I grew up in a great middle class home to two loving parents in Cincinnati, Ohio. Life was good, we always had plenty of money & my parents modeled generosity better than most people that I’ve ever met. They certainly weren’t perfect with it (who is?), but I had a good foundation. It was always modeled to me, but I was never sat down & explained how to budget, why to budget, how debt could impact my future, etc, etc, etc. We aren’t taught this stuff in school so if our parents don’t actively teach it then how do we learn it? We don’t just snap our fingers & know about money.
Let’s start where my debt story began, the University of Cincinnati. I was faced with mounting school bills, which resulted in loans. I never learned how to do this stuff. I was 18…so I got student loans. Oh, and I also bought a new car my freshman year. It was just a Chevy Cobalt, but that was $14k that I didn’t need to add to my soon to be large debt burden. As I got further into school, I learned more about money…the hard way (I was a brilliant 19 year old finance major after all ha). In my sophomore year, I took a $25k loan out even though I didn’t need it all. My grand plan was to use that money to invest in the market & pay off my loans before I was even out of school. Yes, a 19 yr old finance major from Cincinnati was going to beat the big guys in New York City doing this every day all day for a living. Turns out I had great timing on top of this as I started investing just a few months before the financial crisis hit the United States.
Several years of college and bad money habits later, I found myself staring up at $55k of debt. Only problem was, I came out of school making $42k. How was I going to pay back one and a third times my starting salary?
Oh, and I forgot that I’d have to be paying rent, eating food & keeping the lights on while paying down the debt.
So, here’s what I did. I got mad & put a plan together. I wrote down every expense that I had and started thinking of ways that I could reduce each expense. Could I get more roommates? What about a family phone plan with my friends? I was spending how much on eating out?! That’s when I went into attack mode and started to knock the debt out. There are many ways to do it, but I just picked some small loans to knock out quick to start making progress quickly. Soon the debt started to get smaller and smaller, month by month, and I was motivated to do well at work so I managed to get raises each year. I was getting ahead of the curve of this thing and started to feel empowered instead of controlled.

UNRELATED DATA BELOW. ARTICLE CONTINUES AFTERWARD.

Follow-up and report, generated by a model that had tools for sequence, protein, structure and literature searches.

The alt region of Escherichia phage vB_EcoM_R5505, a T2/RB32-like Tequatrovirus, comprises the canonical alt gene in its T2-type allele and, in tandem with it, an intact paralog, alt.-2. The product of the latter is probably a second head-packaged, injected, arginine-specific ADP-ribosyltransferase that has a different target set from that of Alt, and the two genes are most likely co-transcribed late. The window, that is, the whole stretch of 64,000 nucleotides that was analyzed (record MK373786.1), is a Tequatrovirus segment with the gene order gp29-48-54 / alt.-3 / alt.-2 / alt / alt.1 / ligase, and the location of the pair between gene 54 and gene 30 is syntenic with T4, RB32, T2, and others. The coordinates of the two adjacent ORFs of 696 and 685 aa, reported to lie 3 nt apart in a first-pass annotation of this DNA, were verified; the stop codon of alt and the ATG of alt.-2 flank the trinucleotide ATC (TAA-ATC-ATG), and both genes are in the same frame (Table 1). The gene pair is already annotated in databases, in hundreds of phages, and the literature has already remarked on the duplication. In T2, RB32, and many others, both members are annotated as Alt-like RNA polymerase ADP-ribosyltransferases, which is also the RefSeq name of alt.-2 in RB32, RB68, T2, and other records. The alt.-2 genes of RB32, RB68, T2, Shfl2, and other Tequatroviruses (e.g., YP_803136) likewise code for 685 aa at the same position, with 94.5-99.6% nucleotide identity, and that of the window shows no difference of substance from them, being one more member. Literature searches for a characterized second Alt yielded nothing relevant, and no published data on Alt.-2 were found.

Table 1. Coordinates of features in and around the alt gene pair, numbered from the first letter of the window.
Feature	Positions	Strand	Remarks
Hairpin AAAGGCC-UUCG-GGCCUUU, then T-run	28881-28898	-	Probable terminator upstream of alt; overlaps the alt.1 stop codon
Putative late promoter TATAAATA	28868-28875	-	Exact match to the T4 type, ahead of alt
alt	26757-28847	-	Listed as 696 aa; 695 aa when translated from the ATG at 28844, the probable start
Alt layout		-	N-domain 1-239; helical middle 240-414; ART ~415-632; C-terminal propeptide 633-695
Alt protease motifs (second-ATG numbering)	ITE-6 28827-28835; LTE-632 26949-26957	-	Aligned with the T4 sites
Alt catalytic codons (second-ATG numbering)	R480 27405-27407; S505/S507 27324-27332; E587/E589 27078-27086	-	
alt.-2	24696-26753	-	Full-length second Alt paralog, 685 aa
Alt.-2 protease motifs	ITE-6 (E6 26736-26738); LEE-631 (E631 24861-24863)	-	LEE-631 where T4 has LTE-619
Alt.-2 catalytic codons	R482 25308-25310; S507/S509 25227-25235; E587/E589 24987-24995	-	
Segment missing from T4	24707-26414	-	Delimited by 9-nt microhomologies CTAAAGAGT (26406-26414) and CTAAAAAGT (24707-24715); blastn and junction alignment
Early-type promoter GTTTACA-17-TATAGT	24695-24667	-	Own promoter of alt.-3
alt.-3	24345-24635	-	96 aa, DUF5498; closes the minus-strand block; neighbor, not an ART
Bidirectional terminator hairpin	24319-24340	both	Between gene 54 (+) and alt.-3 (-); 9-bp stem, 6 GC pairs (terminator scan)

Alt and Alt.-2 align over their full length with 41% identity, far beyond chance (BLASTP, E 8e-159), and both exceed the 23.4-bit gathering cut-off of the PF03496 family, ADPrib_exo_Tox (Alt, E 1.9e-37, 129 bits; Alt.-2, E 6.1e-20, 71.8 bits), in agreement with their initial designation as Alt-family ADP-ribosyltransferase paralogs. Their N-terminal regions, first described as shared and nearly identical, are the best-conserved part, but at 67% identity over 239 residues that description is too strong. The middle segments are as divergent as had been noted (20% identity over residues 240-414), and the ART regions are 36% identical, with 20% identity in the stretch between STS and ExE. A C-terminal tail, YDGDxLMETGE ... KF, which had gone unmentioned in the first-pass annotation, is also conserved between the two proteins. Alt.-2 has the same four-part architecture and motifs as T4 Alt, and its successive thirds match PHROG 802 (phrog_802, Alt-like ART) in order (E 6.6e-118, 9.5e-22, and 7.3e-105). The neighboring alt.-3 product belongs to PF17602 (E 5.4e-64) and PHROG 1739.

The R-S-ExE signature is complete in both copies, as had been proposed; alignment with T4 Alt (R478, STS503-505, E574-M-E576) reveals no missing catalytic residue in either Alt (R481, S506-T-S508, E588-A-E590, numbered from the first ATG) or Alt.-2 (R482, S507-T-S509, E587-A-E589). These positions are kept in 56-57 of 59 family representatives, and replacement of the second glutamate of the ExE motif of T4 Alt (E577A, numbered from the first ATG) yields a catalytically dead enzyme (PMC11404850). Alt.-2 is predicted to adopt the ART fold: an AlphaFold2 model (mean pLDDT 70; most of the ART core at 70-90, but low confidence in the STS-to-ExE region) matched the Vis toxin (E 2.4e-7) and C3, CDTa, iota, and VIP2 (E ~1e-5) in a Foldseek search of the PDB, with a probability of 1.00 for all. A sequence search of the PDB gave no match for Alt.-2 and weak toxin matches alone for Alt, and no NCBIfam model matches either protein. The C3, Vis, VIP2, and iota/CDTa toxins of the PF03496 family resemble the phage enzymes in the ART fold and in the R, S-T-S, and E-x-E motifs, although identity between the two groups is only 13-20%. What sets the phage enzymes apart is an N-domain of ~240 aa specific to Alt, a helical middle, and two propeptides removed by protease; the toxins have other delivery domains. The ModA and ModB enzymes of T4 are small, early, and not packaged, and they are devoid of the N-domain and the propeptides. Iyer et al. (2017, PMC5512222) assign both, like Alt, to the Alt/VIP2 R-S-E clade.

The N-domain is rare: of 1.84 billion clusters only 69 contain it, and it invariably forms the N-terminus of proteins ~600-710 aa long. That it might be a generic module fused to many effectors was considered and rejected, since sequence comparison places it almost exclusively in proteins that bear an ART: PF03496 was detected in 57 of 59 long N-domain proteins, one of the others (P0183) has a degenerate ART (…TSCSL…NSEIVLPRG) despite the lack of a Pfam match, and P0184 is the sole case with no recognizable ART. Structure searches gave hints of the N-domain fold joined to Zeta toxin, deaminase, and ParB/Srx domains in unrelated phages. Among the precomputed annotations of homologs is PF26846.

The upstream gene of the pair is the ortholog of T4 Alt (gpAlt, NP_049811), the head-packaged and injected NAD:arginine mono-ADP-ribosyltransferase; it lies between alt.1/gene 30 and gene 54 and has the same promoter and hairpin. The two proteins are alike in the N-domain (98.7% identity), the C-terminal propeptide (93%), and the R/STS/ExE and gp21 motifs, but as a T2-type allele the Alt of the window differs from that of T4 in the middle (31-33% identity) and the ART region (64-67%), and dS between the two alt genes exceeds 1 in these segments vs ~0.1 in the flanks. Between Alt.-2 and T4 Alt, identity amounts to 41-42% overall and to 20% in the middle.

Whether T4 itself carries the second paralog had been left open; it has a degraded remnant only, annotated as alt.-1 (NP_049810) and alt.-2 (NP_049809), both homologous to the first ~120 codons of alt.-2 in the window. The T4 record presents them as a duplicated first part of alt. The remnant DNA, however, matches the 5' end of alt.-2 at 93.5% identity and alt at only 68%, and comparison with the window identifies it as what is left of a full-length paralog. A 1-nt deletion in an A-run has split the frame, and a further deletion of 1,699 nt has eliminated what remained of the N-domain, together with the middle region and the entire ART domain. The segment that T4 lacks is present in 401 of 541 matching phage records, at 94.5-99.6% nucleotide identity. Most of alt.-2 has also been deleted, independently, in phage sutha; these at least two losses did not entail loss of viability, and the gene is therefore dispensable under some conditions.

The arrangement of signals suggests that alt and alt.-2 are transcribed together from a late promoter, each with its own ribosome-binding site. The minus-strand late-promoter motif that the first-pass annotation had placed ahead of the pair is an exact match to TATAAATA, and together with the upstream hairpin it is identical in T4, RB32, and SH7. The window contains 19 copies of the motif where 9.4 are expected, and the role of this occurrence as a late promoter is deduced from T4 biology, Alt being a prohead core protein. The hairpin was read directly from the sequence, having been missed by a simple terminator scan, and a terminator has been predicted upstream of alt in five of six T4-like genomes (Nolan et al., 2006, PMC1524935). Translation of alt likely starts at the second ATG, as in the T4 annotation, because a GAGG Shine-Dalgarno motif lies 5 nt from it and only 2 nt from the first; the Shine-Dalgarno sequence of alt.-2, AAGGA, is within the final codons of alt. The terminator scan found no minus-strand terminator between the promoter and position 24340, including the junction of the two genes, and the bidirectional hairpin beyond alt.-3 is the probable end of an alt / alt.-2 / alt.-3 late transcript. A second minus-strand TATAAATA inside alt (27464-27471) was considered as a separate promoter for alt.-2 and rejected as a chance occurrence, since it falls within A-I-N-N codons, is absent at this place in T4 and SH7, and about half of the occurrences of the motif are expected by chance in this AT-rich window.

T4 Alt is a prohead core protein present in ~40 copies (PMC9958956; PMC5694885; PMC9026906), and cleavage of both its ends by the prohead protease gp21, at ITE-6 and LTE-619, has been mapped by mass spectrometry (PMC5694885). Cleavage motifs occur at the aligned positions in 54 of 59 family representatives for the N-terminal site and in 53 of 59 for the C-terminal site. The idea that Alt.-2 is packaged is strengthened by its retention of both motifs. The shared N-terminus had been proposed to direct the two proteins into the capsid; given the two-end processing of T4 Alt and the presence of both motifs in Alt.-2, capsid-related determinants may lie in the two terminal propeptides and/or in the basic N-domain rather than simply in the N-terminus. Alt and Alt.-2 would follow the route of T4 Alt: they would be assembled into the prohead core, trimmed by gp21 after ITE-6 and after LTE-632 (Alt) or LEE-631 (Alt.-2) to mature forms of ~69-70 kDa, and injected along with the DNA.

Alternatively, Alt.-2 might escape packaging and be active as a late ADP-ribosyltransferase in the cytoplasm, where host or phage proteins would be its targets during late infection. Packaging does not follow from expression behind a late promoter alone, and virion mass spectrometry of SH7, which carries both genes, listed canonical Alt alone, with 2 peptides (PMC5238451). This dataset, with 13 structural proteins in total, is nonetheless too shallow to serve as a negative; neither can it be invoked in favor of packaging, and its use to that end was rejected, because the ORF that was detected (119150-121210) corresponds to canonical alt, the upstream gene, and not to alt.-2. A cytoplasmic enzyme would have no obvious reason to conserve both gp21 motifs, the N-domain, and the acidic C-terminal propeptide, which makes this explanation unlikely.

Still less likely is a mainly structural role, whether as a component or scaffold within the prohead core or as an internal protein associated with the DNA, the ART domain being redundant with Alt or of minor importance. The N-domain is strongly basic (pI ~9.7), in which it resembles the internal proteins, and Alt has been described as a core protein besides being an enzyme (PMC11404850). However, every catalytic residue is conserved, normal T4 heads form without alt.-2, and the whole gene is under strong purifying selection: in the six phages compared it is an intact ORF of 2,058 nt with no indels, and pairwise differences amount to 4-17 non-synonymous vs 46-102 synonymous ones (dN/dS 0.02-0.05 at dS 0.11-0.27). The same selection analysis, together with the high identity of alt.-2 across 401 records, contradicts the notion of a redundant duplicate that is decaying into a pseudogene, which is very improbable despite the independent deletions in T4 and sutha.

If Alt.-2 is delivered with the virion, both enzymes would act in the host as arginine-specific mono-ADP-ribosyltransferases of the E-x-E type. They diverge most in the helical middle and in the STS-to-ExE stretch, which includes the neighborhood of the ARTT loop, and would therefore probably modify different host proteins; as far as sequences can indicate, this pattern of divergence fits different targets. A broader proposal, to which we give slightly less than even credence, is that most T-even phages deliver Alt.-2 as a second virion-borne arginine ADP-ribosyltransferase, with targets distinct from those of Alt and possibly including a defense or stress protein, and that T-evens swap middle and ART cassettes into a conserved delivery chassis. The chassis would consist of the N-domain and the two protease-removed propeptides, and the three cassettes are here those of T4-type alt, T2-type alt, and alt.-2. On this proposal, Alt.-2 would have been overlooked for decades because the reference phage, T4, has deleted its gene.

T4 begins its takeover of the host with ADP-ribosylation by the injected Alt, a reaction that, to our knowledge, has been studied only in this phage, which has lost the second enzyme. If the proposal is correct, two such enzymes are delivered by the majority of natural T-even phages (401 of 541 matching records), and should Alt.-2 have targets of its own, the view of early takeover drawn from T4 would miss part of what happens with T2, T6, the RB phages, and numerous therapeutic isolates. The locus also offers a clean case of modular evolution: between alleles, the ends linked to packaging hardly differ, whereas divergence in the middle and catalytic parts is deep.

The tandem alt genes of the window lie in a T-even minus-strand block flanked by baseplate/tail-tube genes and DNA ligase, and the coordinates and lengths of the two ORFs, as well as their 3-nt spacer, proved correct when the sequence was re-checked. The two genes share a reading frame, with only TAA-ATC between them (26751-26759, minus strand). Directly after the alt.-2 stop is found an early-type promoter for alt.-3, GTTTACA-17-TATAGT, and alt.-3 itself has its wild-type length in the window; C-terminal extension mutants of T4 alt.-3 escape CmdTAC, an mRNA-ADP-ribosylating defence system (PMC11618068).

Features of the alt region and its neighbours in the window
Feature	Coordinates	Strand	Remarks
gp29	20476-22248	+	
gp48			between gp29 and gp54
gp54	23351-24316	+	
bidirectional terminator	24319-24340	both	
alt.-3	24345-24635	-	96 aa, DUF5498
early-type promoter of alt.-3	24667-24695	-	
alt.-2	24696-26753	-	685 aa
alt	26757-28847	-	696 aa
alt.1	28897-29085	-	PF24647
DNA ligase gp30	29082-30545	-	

I did that on my own without someone walking alongside me to encourage me or teach me. I wish I would have sought out someone to help coach me through that – it would have made the process that much easier. There were plenty of times where friends would call me cheap or not invite me places because they knew I wouldn’t want to pay. Honestly, I don’t blame them…from their perspective I see how that could be the case. The difference was that I was laser focused on a goal of paying down the debt & what others thought about that certainly wasn’t going to allow me to not hit my goal.
I share my story not because I want to be the hero, but to inspire you and show you that you don’t need to live feeling like money has a control on your life, whether it’s because of debt or simply because of how much information is out there about money. There’s a freedom when you feel more confident than you used to about money. Give yourself some slack, I gave & still give myself some to this day – this isn’t easy stuff. I know what it feels like to wake up every morning and worry about money…it’s no fun.